The Devil's Dictionary
This short dictionary, found online in both Credo Reference and Netlibrary is a collection of definitions written between 1881 and 1906 by Ambrose Bierce an American journalist and writer. Bierce, once known as “the wickedest man in San Francisco” and who vanished in Mexico in 1914, wrote these biting, sarcastic, often humorous definitions as part of a large body of written work. He is most remembered today for his tale of the Civil War, “An Occurrence at Owl Creek Bridge” and his tales of the supernatural. The Devils Dictionary reflects the author’s dislike of hypocrisy, corruption and what he viewed as false values. In the Credo version, the definitions are arranged with alphabetic links, in the Netlibrary version the book is displayed in PDF-style page views that can be quickly navigated through links found in the left-hand column. The first edition of this work was titled “The Cynic’s Word Book”, which gives an idea of the irreverent, satirical nature of the contents. Many of the definitions contain short poems that further illustrate his point of view and many would still be considered politically incorrect today, more than 100 years after they were written. A few examples:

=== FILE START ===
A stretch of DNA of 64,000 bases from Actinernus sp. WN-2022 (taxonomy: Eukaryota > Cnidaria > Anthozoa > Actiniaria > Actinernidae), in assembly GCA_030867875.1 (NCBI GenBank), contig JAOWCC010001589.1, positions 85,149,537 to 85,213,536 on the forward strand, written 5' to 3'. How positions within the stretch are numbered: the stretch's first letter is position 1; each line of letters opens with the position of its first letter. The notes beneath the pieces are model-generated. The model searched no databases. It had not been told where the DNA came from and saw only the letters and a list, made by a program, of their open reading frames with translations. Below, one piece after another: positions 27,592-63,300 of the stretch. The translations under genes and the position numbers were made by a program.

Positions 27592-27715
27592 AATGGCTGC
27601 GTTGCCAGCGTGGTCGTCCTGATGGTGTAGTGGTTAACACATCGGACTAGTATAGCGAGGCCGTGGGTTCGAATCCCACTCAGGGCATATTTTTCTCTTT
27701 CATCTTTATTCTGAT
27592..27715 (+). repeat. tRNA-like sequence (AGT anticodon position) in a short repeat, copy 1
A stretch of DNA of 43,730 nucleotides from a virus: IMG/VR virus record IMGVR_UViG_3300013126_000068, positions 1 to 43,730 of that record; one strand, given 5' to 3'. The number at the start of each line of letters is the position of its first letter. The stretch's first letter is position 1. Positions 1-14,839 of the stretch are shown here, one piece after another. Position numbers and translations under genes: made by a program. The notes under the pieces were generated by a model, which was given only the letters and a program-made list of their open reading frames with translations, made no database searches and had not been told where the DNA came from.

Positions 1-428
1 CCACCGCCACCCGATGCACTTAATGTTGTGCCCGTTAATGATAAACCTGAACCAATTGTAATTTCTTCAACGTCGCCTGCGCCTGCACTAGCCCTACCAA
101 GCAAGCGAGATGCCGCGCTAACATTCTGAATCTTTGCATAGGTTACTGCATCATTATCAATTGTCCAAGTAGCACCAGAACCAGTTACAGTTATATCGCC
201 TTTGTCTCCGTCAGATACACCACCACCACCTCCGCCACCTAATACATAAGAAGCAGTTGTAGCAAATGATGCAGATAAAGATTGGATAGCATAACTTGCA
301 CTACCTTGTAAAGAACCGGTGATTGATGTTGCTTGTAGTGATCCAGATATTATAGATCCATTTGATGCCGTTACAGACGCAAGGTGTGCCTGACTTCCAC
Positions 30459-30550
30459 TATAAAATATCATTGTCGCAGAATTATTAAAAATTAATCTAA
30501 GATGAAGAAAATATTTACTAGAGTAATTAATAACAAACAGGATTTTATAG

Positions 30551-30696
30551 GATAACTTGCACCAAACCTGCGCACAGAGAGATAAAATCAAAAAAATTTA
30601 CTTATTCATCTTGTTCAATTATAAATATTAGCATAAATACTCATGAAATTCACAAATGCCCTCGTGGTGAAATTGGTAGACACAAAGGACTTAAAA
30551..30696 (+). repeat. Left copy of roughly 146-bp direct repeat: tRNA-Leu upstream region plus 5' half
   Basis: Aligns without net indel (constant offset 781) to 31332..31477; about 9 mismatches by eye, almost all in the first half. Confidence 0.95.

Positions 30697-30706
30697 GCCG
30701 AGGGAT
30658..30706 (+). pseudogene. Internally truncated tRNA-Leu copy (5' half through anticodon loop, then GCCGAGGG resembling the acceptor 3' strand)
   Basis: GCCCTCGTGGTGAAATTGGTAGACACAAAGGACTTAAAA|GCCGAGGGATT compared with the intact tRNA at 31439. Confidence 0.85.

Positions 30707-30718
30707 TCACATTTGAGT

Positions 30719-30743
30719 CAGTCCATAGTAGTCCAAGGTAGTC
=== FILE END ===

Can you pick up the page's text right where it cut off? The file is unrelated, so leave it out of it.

BIGOT, n. One who is obstinately and zealously attached to an opinion that you do not entertain.
BORE, n. A person who talks when you wish him to listen.
WITCH, n. (1) Any ugly and repulsive old woman, in a wicked league with the devil. (2) A beautiful and attractive young woman, in wickedness a league beyond the devil.
So if you are in need of some short, humorous reading this summer, start here.